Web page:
Working from home: Ergonomics to maintain productivity and reduce injuries

man aching

Are you juggling work tasks from the sofa or the kitchen table? If so, you’re not alone; the COVID-19 pandemic changed work life for millions of us. What began as a brief relocation now stretches to a year, or more, for many. If you miss the comfort and accessibility of a well-designed workstation, maybe it’s time to add a revamp to your to-do list. Understanding ergonomics is a great place to start.

Ergonomics is the science of designing a space for efficiency, comfort and prevention of musculoskeletal disorders caused by poor posture and repetitive motion. Ergonomically designed workspaces are fit to an individual, and there are basic ergonomic principles you can follow to create or improve your new office space.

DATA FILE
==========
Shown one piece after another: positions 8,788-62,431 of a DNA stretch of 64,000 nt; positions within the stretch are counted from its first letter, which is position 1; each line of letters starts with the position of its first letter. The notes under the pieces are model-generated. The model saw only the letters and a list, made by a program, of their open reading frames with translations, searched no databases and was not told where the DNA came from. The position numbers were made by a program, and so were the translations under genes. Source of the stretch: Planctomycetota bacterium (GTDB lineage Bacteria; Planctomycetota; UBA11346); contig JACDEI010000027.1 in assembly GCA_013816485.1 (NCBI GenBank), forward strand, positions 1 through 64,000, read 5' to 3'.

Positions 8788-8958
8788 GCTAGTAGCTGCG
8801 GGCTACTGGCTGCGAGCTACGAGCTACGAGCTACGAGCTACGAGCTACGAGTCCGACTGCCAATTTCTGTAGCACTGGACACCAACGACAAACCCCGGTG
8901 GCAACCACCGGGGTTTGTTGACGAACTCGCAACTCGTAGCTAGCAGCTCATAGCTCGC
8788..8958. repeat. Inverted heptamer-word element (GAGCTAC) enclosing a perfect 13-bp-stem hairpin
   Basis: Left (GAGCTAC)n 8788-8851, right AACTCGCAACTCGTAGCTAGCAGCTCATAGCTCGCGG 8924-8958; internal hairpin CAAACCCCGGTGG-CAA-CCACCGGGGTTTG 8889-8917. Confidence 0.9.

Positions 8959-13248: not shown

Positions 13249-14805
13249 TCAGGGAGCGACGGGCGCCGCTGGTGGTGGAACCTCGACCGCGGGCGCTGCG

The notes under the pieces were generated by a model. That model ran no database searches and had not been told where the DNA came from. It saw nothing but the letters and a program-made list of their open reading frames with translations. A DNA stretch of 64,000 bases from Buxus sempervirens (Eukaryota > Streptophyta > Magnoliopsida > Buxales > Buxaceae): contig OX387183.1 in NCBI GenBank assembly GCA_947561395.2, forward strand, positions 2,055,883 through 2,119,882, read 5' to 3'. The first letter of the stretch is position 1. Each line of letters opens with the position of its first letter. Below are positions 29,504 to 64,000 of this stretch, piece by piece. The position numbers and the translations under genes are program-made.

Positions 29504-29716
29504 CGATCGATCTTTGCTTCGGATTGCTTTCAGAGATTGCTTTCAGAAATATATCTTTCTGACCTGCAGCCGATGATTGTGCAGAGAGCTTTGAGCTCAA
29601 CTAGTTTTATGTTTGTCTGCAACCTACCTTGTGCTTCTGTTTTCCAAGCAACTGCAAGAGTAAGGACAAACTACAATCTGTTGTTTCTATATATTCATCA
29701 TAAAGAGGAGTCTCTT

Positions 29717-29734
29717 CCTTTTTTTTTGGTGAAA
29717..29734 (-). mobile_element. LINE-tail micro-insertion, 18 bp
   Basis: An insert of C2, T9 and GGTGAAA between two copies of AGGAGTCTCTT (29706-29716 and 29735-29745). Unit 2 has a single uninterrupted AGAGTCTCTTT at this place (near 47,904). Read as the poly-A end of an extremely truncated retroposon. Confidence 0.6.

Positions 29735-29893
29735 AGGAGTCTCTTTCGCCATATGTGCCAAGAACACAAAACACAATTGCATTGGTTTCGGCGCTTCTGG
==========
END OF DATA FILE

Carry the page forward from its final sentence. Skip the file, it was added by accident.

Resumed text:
Choose suitable space

Beds and sofas are great places to relax, but not to work. Boost your productivity by designing a work area that’s right for your body and your brain.

Have a seat

Ergonomics is about fitting the space to you. The right chair will help ensure proper posture and help you avoid back, neck and shoulder strain. Sit with a straight back, your elbows at a right angle and your wrists straight. Choose a sturdy but comfortable chair that:

Stability or exercise ball chairs are not a replacement for an ergonomic office chair. They lack lower back support and stability, and over time may increase aches and pain.

Even with a perfect chair, stretch breaks are essential. Aim to stand, move or stretch every 30 minutes.

Stretch breaks also help combat eye strain. Experts recommend taking a 20-second break every 20 minutes to focus on an object 20 feet away from your computer screen.


The right accessories – some no-cost or low-cost – can improve how well your space works for you. 

Check out more Roper St. Francis Healthcare tips to keep up your health and wellness.